Where the Wild Things Are gets one thing crucially right about the 1963 Maurice Sendak picture book on which it’s based: Max, the young hero, is not a nice kid.
This is quite unlike most children’s films, which prefer plucky orphans, good-hearted wallflowers or other sympathetic figures. When we first meet Max (a fresh, unaffected Max Records), he’s wearing a ratty wolf suit, growling with a startling ferocity and chasing the family dog with a fork (the fork, the most troubling element, is taken directly from the book). We eventually learn that Max can be sweet and has an astonishing imagination, but he’s also savage.
Directed by Spike Jonze (Being John Malkovich, Adaptation) and written by Jonze and novelist Dave Eggers (who is having a superb screenwriting year after previously working on Away We Go), Where the Wild Things Are is about the more difficult qualities of kids: their wildness, yes, but also their fearfulness, uncertainty and even cruelty. We like to think of childhood as a time of innocence and simplicity, but an honest trip down memory lane reveals it wasn’t always like that.
The film makes time for innocent moments, including a lovely, early sequence that captures the bliss of creating the perfect snow fort. Yet Where the Wild Things Are is mostly interested in the more complicated aspects of Max’s life. His single mom (Catherine Keener) seems to save her laughter for her boyfriend and her frowns of frustration for Max. His older sister spends all her time with her friends. In science class, his teacher talks about the inevitable death of the sun.
It all comes to a boil one evening at dinner. While I won’t give away the details, I will say that Max’s act of defiance involves far more than threatening to eat his mother up, which is what happens in the book. Max ends up running away, literally and into his own fantasy world – to where the wild things are.
Here is where Jonze’s talents flourish. Staggering landscapes, giant puppets, seamless computer effects and elaborate sets come together to create a completely unique vision, one that is drawn from Sendak’s iconic images and then goes farther, stranger. The Wild Things live in a world of endless possibilities and unlimited freedom – and the dangers such a scenario presents.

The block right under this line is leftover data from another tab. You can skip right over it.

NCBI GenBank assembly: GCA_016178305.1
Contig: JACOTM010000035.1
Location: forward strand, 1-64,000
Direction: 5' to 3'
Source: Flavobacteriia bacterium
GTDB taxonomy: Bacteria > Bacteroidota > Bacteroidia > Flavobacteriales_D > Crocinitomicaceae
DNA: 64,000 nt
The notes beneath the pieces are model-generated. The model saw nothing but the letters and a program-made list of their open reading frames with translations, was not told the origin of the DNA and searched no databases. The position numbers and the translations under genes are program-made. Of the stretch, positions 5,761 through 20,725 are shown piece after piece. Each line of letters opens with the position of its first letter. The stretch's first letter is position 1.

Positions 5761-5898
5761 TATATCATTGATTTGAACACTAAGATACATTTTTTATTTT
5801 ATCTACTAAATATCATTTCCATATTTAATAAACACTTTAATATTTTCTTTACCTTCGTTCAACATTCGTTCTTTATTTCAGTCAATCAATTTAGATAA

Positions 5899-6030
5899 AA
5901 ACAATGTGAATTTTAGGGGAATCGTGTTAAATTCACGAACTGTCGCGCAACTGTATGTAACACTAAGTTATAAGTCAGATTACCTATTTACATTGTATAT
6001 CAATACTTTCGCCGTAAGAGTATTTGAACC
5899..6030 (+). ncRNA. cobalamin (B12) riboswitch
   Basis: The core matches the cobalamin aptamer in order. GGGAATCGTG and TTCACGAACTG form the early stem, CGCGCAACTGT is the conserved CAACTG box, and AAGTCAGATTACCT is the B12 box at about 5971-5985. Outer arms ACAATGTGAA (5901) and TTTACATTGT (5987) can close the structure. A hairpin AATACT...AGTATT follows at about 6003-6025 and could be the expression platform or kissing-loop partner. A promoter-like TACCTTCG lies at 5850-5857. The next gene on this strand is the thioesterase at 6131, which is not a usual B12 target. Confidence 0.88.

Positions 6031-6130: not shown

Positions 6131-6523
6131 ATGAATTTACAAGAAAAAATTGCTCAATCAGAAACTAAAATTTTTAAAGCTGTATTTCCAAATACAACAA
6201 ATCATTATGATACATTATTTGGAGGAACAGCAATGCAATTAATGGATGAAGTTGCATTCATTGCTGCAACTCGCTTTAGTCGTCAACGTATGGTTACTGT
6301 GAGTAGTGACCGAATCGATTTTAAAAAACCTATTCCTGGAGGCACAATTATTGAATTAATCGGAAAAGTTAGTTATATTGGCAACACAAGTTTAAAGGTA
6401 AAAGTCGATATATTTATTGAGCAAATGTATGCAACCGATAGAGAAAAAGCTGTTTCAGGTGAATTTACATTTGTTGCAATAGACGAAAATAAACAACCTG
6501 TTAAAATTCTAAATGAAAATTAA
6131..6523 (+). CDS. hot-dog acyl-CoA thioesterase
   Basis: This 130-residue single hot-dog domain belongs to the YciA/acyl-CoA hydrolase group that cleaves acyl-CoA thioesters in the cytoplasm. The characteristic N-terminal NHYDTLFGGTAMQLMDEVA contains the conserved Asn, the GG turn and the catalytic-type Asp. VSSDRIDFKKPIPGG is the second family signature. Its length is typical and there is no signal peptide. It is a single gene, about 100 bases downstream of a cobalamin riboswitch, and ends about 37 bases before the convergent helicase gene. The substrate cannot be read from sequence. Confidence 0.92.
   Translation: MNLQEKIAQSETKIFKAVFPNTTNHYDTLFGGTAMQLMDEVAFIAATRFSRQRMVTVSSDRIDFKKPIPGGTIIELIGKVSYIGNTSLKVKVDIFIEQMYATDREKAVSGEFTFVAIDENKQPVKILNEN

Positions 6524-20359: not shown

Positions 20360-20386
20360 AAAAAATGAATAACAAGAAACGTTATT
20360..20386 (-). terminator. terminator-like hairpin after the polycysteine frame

Leading the pack of creatures – 12-foot tall amalgamations of real animals and mythical figures – is Carol (matter-of-factly voiced by James Gandolfini). Aside from his giant round head and wide mouth full of shark-like teeth, Carol is a lot like Max – needy, short-tempered, unruly. When Max happens upon Carol and his cohorts, a feud has broken out among them. Instead of eating Max, they decide to make him their king in hopes that he can restore order. “Will you keep out all the sadness?” they ask. He better, considering the crown they give him is taken from the licked-clean bones of the previous king.
As Max reigns – with all the capriciousness of a kid picking dodgeball teams at recess – the movie unfolds like the best play date ever. Max and the Wild Things build a gargantuan fort out of boulders and trees, go rampaging through the forest and sleep in a giant pile of horns and fangs and fur. It’s idyllic in its own way, yet underneath lies the danger that the Wild Things might turn truly ferocious.
That’s probably enough detail to make it clear that Jonze and Eggers have expanded Sendak’s book into a larger consideration of the underbelly of childhood – how insecurities and fears can eat kids alive if they don’t grow out of them. The right word for the childlike creativity of Where the Wild Things Are isn’t magical or wondrous or cute. From the bizarrely lifelike creatures to the howling tribal soundtrack by Karen O. of the Yeah Yeah Yeahs, this is a very different sort of children’s fantasy. A better adjective would be unnerving, even alarming. Actually, I know the word – it’s the one that came to mind when describing Max. Where the Wild Things Are is wonderfully feral. It bites.